Exodus 21:2-6 (and, with small variants, Deuteronomy 15:12-18) prescribes that a Hebrew slave, after six years’ servitude, must be offered the opportunity to regain freedom, and the consequences if he chooses to stay in servitude:
This presents a genuine choice between going and staying. Going into freedom entails leaving a situation that is known and safe and bearable, and facing the unknown. Refusing the freedom offered and staying involves a small mutilation.
The most obvious way in which such situations manifest themselves in our own time is the choice of staying in or getting out of a marriage or relationship.
In the second half of the 19th century, two great novels focussed on a woman’s choice of staying in or leaving a marriage, and the nature of the mutilations involved given the historical and sociological conditions under which the heroines were acting. I have in mind Flaubert’s “Madame Bovary,” published in 1857, and Tolstoy’s “Anna Karenina,” the first part of which was published in 1875. In both cases, the heroines feel trapped in the material comfort and security of their marriages to reliable and decent and devoted husbands. In other words, the authors have set up for exploration a situation with initial conditions analogous to the Torah paradigm. The authors are scientific in their approach, their novels abstract from physical and mental abuse and poverty and any other factors that would confuse the issue and set up initial conditions that permit a pure focus on a paradigmatic choice.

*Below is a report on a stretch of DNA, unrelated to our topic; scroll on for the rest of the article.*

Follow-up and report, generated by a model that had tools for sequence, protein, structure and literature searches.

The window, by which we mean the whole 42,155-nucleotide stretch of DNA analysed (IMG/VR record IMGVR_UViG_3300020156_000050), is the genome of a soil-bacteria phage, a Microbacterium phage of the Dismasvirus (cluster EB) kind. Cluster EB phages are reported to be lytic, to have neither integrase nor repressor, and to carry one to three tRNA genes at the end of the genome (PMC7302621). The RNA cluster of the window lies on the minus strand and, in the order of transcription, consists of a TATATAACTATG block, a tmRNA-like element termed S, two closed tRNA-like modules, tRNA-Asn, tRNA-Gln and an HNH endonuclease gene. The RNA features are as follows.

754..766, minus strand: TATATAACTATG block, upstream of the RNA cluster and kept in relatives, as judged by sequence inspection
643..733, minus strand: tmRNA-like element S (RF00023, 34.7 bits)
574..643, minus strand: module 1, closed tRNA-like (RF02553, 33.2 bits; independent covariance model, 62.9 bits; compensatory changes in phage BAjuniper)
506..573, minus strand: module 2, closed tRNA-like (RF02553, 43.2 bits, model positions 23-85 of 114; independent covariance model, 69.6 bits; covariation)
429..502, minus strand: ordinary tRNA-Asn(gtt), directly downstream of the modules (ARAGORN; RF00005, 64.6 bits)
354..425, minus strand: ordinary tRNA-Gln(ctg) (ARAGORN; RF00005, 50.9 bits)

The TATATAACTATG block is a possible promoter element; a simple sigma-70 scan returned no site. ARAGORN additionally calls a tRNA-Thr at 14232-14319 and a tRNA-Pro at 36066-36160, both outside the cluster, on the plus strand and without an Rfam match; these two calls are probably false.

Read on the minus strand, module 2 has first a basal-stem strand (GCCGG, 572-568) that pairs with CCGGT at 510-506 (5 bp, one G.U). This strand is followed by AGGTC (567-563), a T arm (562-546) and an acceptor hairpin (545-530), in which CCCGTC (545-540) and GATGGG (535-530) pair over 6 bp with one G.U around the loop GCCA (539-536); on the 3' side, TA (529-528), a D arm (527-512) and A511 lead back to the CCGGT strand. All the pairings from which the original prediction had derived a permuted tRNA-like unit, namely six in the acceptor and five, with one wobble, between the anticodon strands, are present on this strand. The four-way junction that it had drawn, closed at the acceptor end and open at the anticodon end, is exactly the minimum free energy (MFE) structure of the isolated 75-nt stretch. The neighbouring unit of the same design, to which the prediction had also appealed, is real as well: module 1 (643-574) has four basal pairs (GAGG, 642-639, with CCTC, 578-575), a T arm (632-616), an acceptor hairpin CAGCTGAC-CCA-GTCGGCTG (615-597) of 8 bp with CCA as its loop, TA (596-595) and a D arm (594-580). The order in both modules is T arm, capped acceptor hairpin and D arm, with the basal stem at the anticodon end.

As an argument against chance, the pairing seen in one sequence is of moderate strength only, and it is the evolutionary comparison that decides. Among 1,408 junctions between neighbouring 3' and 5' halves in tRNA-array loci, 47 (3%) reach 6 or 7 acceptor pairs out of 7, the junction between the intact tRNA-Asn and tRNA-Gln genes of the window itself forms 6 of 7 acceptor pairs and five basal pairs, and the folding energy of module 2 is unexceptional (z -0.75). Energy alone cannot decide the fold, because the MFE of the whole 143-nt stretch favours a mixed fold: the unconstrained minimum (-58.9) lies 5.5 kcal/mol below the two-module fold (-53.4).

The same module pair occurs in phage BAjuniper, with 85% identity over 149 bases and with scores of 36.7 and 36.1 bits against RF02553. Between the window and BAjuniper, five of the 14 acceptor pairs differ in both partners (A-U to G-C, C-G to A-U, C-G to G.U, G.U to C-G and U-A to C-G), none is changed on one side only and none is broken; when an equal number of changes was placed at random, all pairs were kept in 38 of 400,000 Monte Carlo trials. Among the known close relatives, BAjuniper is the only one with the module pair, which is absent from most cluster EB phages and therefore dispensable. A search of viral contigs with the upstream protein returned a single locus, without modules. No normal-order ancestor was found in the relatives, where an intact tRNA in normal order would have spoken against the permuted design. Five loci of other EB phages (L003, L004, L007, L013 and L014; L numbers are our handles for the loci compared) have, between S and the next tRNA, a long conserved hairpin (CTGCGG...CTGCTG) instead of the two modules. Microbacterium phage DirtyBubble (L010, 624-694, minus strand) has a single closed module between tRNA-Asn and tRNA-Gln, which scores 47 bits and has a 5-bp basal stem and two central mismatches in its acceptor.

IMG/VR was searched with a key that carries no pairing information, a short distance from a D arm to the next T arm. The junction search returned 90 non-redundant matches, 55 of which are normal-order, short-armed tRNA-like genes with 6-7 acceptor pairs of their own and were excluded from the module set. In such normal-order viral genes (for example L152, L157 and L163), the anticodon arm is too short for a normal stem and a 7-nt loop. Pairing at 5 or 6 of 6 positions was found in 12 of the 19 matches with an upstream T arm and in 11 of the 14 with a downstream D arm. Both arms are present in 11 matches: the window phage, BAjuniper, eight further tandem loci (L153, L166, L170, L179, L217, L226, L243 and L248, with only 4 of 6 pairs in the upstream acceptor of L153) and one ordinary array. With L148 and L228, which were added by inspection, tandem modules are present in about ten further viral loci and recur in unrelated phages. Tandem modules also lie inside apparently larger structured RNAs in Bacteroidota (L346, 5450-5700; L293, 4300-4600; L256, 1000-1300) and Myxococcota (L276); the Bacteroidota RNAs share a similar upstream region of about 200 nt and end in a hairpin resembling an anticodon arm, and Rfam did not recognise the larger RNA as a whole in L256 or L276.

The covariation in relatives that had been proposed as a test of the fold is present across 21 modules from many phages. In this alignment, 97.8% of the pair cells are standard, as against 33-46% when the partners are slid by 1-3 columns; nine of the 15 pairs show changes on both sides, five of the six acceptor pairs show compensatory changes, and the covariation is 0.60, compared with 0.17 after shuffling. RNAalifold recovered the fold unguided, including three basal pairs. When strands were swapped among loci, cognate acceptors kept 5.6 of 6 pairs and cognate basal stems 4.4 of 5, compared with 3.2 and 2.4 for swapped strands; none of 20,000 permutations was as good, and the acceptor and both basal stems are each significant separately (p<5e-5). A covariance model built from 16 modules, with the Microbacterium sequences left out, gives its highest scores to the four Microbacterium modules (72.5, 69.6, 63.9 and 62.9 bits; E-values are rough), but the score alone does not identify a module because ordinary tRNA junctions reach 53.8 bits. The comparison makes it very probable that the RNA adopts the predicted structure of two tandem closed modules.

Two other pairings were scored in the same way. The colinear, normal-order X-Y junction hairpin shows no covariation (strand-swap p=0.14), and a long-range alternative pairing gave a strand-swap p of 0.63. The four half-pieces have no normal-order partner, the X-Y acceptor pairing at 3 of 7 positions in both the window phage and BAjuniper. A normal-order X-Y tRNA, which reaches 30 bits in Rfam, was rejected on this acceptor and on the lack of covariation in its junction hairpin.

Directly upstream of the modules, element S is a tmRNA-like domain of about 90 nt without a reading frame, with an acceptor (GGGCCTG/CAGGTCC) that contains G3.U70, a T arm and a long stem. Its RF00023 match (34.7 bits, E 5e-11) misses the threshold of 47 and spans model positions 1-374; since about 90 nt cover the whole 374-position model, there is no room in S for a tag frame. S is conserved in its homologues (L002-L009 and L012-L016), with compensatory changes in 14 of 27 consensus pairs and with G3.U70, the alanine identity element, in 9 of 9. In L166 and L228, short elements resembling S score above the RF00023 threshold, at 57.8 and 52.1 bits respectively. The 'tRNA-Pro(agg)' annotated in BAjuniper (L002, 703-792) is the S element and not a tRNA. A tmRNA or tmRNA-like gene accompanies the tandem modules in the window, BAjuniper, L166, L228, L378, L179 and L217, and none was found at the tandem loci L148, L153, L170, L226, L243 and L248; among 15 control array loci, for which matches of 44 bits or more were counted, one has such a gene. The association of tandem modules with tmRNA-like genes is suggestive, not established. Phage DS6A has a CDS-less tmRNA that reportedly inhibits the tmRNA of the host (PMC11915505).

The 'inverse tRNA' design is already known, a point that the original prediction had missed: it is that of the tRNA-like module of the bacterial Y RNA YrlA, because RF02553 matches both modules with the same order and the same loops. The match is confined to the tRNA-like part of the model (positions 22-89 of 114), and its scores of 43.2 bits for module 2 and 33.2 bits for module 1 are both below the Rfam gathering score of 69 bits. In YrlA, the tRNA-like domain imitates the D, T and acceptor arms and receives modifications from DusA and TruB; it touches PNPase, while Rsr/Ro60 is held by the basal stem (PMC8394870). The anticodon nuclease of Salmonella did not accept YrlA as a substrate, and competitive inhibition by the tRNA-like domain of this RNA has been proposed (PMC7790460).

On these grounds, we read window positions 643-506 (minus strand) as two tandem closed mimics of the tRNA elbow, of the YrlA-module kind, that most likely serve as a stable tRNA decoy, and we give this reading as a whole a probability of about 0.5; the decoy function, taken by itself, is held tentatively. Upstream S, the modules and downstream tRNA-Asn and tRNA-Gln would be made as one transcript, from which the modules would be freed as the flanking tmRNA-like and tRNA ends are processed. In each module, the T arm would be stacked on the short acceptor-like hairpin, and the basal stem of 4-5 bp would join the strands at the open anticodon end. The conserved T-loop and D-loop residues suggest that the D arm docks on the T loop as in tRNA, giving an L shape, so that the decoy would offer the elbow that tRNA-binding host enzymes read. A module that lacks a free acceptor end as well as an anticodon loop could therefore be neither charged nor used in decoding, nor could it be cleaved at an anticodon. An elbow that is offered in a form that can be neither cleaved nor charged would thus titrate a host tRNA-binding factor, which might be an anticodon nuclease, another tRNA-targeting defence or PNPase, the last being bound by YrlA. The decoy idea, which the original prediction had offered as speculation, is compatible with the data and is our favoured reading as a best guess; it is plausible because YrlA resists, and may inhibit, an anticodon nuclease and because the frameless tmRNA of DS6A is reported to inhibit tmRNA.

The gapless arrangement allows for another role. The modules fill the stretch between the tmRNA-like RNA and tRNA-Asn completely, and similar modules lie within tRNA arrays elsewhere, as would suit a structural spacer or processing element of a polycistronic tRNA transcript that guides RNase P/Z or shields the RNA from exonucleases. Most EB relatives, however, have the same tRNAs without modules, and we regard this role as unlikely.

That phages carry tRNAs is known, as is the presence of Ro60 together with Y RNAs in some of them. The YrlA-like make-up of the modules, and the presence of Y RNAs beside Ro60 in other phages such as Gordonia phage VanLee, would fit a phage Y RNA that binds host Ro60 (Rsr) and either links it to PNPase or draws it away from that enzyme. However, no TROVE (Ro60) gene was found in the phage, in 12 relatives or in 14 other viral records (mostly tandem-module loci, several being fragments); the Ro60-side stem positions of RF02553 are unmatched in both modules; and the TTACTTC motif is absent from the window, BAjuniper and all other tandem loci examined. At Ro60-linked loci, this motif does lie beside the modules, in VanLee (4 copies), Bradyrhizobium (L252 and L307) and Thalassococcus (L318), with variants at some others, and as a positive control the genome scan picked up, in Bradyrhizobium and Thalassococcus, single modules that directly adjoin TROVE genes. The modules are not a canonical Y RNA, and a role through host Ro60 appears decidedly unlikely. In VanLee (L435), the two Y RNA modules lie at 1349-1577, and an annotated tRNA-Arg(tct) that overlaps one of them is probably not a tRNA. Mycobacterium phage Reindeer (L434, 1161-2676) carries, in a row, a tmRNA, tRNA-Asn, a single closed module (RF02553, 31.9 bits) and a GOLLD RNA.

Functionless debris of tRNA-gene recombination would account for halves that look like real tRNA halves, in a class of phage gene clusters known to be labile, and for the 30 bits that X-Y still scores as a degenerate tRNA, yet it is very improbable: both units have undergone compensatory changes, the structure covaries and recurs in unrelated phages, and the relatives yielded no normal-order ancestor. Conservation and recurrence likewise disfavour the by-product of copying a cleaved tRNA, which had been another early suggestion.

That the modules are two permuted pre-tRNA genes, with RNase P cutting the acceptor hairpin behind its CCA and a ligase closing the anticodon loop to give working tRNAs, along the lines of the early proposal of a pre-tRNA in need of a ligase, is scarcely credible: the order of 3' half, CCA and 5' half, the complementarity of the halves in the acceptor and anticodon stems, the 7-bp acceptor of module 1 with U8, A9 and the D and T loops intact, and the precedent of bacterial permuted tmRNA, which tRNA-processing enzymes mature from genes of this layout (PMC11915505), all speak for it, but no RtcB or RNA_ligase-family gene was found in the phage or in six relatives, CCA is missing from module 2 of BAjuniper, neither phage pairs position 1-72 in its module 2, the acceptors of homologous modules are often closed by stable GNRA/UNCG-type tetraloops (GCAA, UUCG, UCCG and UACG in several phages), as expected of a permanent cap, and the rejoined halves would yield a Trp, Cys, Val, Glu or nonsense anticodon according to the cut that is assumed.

In the historical circumstances of the mid 19th century, leaving a marriage presented an upper-middle-class woman with dilemmas not too different from that of the slave in the Torah case; she would not have custody of the children, she would lose most if not all ties to the social group she had been part of and she would lose economic security.
Both Flaubert and Tolstoy, in their complex portrayals of our paradigm problem of staying in or leaving a comfortable and secure but stultifying situation, follow their heroines out into the rigid and unforgiving 19th-century world in which they had to exercise their newfound freedom. Emma Bovary doesn’t physically leave her marriage but has two affairs, leaving it mentally, and in the eyes of the watching world. Both heroines eventually commit suicide. Emma takes arsenic, providing Flaubert with the opportunity to give the reader a tour de force of gruesome description of that kind of death, which turns out to be a physical mutilation beyond anything envisioned in our Torah portion as the price of staying in. And Anna throws herself under a train, on page 802 of my edition, resulting in another kind of extreme mutilation that Tolstoy, to his credit, does not describe. In other words, and this is the only point I wish to make from my glance at these two great novels, there was mutilation of the spirit involved in leaving as well as in staying.
In mid 19th-century Europe, the life of material comfort and security and perceived emptiness could only be led by a privileged group of tens of thousands of women, while by the mid 20th century in the United States it was a problem so widespread that it could become the basis of a mass movement. The paradigmatic situation of choice hadn’t changed in its essence, but the extent of its manifestation in society had increased enormously.
And what of today, the early years of the 21st century? By and large, at least for the educated middle class in the developed world, the dilemmas of staying in or leaving a pleasant and secure but stultifying marriage, or, for that matter, a pleasant and secure but stultifying job, are now much the same for women and men. And these are genuine choices in the sense that all options involve both benefits and mutilations of the spirit. In the formulation of the opening of this week’s portion: These are ordinances set before us.
David Curzon is a contributing editor at the Forward.